10.20.2020 – Juan on Bilingual Life in the U.S.
10.20.2020 - Juan on Bilingual Life in the U.S. Heading link
My parents immigrated to the United States for a better life for my siblings and me. When they arrived in Chicago from Guadalajara, Mexico, they spoke little to no English. Growing up my parents always told me that the first step for success in this country was to learn the dominant language, English. Spanish was encouraged to be spoken at home. I’m grateful that during elementary school my teachers were bilingual and made my life much easier. However, I never truly felt confident speaking English with others. I never really had anyone to practice my English with, my sister was too little and my older brother had no motivation for learning the language.
Growing up my family from Mexico have always told me that I’m too “gringo” and that my Spanish is broken. Meanwhile, my friends in the United States have told me that I have an accent when speaking English. I’ve always been self conscious about the way I pronounce words.
Nevertheless, I didn’t let this bother me and now I’m more confident when speaking in front of both family and friends. A quote that has always resonated with me is from the movie Selena (1997), “Mexican-American is tough, Anglos jump all over you if you don’t speak english perfectly. Mexicans jump all over you if you don’t speak Spanish perfectly. We have to be TWICE as perfect…”
When I started at UIC, I decided to take Spanish because I felt that there was still so much to learn. My parents told me that I was wasting my time since I already “know” the language. However, in reality I went in knowing only a bit. Research shows that heritage speakers are more efficient with oral than with written tasks. In other words, they speak more fluently than they write. I feel like this is true because second language learners began learning Spanish in a class setting. Meanwhile, heritage speakers grow up listening to the language and may not have sufficient grammatical knowledge when it comes to writing. My experience in UIC classes has been challenging but rewarding.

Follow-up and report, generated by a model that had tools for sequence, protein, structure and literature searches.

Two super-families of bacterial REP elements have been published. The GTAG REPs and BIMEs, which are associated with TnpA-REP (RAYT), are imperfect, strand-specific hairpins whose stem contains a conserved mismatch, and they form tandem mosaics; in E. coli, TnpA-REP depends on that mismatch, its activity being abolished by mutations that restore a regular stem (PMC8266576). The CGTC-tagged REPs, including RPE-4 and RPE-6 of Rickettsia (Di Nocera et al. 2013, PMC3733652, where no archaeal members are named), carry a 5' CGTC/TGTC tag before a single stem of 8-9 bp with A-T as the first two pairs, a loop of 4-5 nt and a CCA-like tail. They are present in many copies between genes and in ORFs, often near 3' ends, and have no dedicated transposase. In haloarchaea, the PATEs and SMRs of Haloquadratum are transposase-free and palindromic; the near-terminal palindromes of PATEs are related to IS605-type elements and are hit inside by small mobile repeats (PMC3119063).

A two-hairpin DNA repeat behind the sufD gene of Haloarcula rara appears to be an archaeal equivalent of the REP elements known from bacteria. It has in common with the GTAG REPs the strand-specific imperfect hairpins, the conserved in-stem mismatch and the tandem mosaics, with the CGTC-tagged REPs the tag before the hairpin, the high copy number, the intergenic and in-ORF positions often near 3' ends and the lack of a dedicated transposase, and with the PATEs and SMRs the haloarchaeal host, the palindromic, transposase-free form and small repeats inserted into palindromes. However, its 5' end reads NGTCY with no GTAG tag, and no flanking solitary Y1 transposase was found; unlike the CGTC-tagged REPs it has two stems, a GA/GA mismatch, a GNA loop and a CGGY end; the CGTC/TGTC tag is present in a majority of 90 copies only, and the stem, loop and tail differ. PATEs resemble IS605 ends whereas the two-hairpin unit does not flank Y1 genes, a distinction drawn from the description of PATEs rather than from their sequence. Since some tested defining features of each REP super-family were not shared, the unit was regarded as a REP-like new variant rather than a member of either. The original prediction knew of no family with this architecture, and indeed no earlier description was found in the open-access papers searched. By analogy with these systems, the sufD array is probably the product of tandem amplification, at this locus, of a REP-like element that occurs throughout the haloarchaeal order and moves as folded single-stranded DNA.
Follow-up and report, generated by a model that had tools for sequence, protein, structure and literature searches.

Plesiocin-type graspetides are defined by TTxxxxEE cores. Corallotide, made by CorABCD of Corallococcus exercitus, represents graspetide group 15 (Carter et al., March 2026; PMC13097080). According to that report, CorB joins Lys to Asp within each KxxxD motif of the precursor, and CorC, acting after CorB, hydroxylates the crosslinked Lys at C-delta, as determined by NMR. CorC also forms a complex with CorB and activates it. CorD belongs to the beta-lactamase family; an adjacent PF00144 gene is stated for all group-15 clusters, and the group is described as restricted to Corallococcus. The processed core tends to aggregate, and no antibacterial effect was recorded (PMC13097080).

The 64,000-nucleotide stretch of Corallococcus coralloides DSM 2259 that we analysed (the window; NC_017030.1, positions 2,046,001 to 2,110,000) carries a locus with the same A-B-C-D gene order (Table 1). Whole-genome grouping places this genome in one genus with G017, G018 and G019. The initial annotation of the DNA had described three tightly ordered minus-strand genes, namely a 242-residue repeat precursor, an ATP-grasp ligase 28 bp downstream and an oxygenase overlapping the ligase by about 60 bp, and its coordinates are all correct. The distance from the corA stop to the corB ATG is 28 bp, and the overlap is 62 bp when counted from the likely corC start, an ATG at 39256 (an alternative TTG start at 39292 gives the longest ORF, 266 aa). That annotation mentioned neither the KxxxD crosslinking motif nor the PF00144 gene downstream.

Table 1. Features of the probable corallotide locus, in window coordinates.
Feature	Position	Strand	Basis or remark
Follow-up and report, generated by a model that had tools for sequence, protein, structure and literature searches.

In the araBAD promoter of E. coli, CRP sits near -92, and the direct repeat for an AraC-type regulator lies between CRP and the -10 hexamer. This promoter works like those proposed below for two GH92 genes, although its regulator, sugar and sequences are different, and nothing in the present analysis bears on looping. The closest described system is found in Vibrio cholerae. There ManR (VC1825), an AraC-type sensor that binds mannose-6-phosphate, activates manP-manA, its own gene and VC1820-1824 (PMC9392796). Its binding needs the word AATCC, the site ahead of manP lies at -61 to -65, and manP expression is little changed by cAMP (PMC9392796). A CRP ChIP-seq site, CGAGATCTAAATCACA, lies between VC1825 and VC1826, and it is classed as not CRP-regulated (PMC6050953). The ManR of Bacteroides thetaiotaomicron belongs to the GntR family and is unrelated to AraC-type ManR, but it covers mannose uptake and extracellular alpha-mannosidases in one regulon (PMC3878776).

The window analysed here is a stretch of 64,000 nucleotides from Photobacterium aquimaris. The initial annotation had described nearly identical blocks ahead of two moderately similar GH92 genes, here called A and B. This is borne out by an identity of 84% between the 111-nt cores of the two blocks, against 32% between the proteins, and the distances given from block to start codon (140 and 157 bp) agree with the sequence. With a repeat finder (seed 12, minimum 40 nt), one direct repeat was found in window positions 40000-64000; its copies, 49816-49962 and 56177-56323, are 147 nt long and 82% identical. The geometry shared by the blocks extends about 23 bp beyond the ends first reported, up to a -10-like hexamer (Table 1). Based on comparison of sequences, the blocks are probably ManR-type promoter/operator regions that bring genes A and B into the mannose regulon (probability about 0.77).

So growing up bilingual has also been beneficial. It has offered me many opportunities, both socially and professionally. It has allowed me to make friends with other people from different Spanish speaking countries other than Mexico. Oddly enough, video games have been a gateway for me to interact with other spanish speaking people and to make online friends. I took a summer trip to Bogota, Colombia two years ago with some friends and the fact that we all knew Spanish made the trip more enjoyable. My family and I visited the Basilica of Our Lady of Guadalupe in Mexico City and met a lot of people from Central America, they were telling us their stories as to why they decided to make the trip. I had the opportunity to work at Rush Hospital and was able to translate for families that didn’t speak English and needed help communicating with medical staff.
Now I am a Spanish peer tutor and helping other UIC students learn Spanish! I have been working with the program for two semesters now and it has been a blast. Although I’m yet to have a student visit my session I feel prepared to help with their needs. Being bilingual sparked my passion for languages and I am currently learning Portuguese at UIC. I encourage others to take a couple minutes of their day to learn a new word or phrase in a different language. Learning a language is a beautiful thing and it opens up many opportunities in life.